Pillars of Internal Control

No non-profit is immune to fraud.

Oftentimes, your “most trusted” employee will commit fraud, so it is important to always trust and verify that controls are in place to keep you working on your mission.

Here are some simple guidelines to follow to protect you and your target community:

No non-profit is immune to fraud.

Oftentimes, your “most trusted” employee will commit fraud, so it is important to always trust and verify that controls are in place to keep you working on your mission.

Here are some simple guidelines to follow to protect you and your target community:

  • Good internal controls protect not only the organization, but they shield you from any false acquisitions or the appearance of misappropriation.
  • The key to good internal controls is to have segregation of duties in place. Specifically, the three elements that should be separated are:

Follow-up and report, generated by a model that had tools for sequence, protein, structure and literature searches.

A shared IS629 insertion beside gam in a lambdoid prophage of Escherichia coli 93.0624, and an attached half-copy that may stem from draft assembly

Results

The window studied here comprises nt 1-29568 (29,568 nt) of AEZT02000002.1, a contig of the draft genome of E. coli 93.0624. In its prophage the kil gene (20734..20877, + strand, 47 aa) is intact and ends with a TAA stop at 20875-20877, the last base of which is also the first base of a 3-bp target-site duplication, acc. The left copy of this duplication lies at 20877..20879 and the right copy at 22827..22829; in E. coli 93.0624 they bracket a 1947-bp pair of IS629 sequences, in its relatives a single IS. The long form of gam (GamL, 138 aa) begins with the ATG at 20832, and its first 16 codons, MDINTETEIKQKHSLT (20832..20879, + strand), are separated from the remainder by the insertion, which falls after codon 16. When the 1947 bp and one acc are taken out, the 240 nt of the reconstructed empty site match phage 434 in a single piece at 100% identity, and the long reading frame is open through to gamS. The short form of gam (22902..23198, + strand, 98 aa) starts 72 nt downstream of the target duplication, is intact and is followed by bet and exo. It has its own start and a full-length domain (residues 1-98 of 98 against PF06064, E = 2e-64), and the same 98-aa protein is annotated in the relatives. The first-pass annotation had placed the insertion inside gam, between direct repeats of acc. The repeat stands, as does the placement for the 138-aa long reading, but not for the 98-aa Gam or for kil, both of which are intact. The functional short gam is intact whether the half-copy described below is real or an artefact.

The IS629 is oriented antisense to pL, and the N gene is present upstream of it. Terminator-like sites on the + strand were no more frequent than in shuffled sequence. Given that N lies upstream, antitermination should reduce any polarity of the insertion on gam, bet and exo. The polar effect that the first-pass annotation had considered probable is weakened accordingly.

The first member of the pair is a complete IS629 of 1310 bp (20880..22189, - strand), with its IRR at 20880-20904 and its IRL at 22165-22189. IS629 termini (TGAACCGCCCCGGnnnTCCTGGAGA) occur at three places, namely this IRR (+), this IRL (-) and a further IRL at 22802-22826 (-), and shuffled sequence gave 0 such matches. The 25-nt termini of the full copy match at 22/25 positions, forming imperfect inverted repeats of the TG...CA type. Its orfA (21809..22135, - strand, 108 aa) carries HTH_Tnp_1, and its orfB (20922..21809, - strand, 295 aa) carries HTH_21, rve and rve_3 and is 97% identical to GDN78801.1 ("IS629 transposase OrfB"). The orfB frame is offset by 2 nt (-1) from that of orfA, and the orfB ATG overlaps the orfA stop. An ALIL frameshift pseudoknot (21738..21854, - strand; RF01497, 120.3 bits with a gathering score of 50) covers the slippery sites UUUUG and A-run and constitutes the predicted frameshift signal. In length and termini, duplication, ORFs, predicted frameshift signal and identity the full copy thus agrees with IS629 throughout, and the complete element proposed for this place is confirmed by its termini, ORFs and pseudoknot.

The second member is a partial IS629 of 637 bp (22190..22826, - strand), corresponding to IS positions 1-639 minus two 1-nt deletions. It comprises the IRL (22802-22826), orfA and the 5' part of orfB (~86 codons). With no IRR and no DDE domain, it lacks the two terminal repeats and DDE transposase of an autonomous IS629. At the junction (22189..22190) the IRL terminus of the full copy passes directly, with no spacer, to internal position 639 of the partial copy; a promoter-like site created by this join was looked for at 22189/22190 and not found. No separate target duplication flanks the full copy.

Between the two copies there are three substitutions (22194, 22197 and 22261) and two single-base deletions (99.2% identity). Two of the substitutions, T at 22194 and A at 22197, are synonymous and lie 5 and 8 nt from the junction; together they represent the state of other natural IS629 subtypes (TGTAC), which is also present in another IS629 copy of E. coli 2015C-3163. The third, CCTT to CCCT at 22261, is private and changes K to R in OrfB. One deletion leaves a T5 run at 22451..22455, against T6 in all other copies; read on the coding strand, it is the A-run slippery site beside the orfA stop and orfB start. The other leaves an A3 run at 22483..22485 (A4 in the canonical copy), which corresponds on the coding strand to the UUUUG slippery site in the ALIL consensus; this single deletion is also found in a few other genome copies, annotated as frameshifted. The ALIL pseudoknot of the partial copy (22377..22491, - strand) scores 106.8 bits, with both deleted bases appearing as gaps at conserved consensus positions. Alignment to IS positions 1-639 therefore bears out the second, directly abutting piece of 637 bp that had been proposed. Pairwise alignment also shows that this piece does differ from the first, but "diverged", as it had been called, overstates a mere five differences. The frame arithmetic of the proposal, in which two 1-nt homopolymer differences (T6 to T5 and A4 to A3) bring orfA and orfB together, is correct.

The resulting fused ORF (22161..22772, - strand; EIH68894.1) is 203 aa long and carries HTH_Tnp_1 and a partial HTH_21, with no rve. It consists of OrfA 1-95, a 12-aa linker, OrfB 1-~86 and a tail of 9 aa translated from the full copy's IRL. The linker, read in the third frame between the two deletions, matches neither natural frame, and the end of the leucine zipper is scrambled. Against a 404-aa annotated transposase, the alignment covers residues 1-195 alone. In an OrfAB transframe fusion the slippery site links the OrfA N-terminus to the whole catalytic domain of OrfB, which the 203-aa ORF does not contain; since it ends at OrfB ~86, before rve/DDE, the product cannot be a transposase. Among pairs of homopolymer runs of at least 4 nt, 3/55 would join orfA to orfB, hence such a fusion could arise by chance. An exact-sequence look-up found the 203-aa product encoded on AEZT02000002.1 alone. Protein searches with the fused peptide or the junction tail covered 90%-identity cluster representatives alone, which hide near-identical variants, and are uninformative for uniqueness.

• Custody of an asset;
    • Authority/authorization over asset; and
    • Recording asset.
  • If you are not able to properly segregate duties, you should have a compensating control in place, which generally involves more detailed reviews or oversight by yourself and the board.
  • Controls can be preventative, which is preferred because they do not let a fraud/error occur. They also can be detective, which allows you to catch the fraud/error after it occurs.

If you are unsure your controls are adequate, Anick & Associates can provide an internal control review. Anick & Associates’ clients benefit by having a third party involved in the control process, which uses best practices to segregate duties and to enhance oversight. For more information, please contact Jack Anick at 414-774-0300.

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